It’s no secret that marking work is not only repetitive and time-consuming it’s also an area many teachers, old and new, still struggle with. Finding the balance between efficient yet good quality marking is especially difficult, and it takes a while for you to find a grading techniques that work for you. Whilst you’re working on creating that process however, it’s always good to learn some tips and techniques from others.
This list aims to help you along the way, so you find the best way to grade your assessments, save time and reclaim your weekends back!
Rome wasn’t built in a day
Sometimes it is very easy to look at a piece of work and correct every single error and leave the page awash with red ink. This not only has a negative psychological impact on the student but increases the time it takes to mark that piece of work. Instead, why not try identifying a couple of key areas for improvement and build up? Leaving hints and comments on the side or on an attached piece of paper for common mistakes can be easier and gives the student something to work on.
Try creating a list of ‘go to’ generic comments to fall back on, of course don’t use them too much but if you’re lacking a bit of inspiration or you’ve written ‘very good’ one to many times a handy comments list can really save time! Find a series of ways to give constructive criticism rather than just telling the student they made a mistake. Maybe even keep a list of extra resources the student can look at if they did exceptionally well or if they need extra help.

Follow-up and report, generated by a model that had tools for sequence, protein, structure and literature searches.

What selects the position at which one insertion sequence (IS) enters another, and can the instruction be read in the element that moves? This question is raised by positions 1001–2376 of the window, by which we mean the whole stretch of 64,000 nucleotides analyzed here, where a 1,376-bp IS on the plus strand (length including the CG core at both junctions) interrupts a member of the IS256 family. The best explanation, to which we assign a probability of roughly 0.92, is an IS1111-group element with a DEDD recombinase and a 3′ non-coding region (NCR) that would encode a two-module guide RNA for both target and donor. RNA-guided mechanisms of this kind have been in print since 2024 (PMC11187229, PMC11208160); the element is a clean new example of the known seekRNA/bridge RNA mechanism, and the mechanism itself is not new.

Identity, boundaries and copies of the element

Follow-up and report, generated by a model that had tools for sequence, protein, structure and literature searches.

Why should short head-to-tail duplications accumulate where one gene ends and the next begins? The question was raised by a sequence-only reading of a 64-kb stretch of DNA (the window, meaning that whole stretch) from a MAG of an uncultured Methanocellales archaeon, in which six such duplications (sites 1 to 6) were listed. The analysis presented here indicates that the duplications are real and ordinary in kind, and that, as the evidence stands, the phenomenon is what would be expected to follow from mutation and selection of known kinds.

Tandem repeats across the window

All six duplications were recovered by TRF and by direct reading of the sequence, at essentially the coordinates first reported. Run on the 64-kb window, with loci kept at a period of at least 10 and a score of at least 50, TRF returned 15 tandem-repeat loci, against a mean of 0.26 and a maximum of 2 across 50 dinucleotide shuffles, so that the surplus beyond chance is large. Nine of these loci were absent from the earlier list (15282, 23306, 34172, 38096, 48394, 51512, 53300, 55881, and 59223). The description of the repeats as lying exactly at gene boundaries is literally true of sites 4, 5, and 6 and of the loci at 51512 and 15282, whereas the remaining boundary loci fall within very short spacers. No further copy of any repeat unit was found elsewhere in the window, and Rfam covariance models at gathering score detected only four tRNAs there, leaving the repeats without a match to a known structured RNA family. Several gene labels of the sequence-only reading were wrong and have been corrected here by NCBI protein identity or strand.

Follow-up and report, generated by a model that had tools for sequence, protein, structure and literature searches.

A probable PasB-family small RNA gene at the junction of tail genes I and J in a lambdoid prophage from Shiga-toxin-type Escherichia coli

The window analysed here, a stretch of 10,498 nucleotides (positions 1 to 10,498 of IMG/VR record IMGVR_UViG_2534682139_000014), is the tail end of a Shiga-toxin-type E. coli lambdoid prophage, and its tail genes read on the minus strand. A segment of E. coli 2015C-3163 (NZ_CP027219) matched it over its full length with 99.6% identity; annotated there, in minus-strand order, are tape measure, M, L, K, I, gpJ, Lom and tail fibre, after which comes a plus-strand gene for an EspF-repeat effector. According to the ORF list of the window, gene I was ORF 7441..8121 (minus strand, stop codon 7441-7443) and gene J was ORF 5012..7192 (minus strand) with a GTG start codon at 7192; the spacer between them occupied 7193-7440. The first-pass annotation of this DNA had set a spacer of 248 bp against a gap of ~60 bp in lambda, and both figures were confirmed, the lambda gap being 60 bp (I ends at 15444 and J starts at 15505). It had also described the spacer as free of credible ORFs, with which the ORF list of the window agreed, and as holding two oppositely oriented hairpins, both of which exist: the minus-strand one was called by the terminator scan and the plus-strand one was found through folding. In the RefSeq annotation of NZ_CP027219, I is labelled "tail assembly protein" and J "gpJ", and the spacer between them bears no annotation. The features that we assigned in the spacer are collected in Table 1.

Establish your own rubric when it comes to your students. For example, a yellow line for a spelling mistake or a red circle to indicate that there will be a comment in the margin to explain the mistake. The key to success here is consistency and ensuring all students are on board and understand the marking system – try drawing a colour coded key in the front of their books or on a poster in the classroom, so they can always check back to see what you mean.
Put the pens down
Remember grading and assessment is not just confined to marking books and worksheets. Sometimes you will find that some students need more support outside written comments and markings. Here are some ideas to get you started:
- Verbal Feedback
- Choral Activities
- Peer Marking
- 1 to 1 feedback.
Whatever you find works best for your students, stay consistent. Each child is unique and to really get through to them you need to understand which assessment techniques they respond to.
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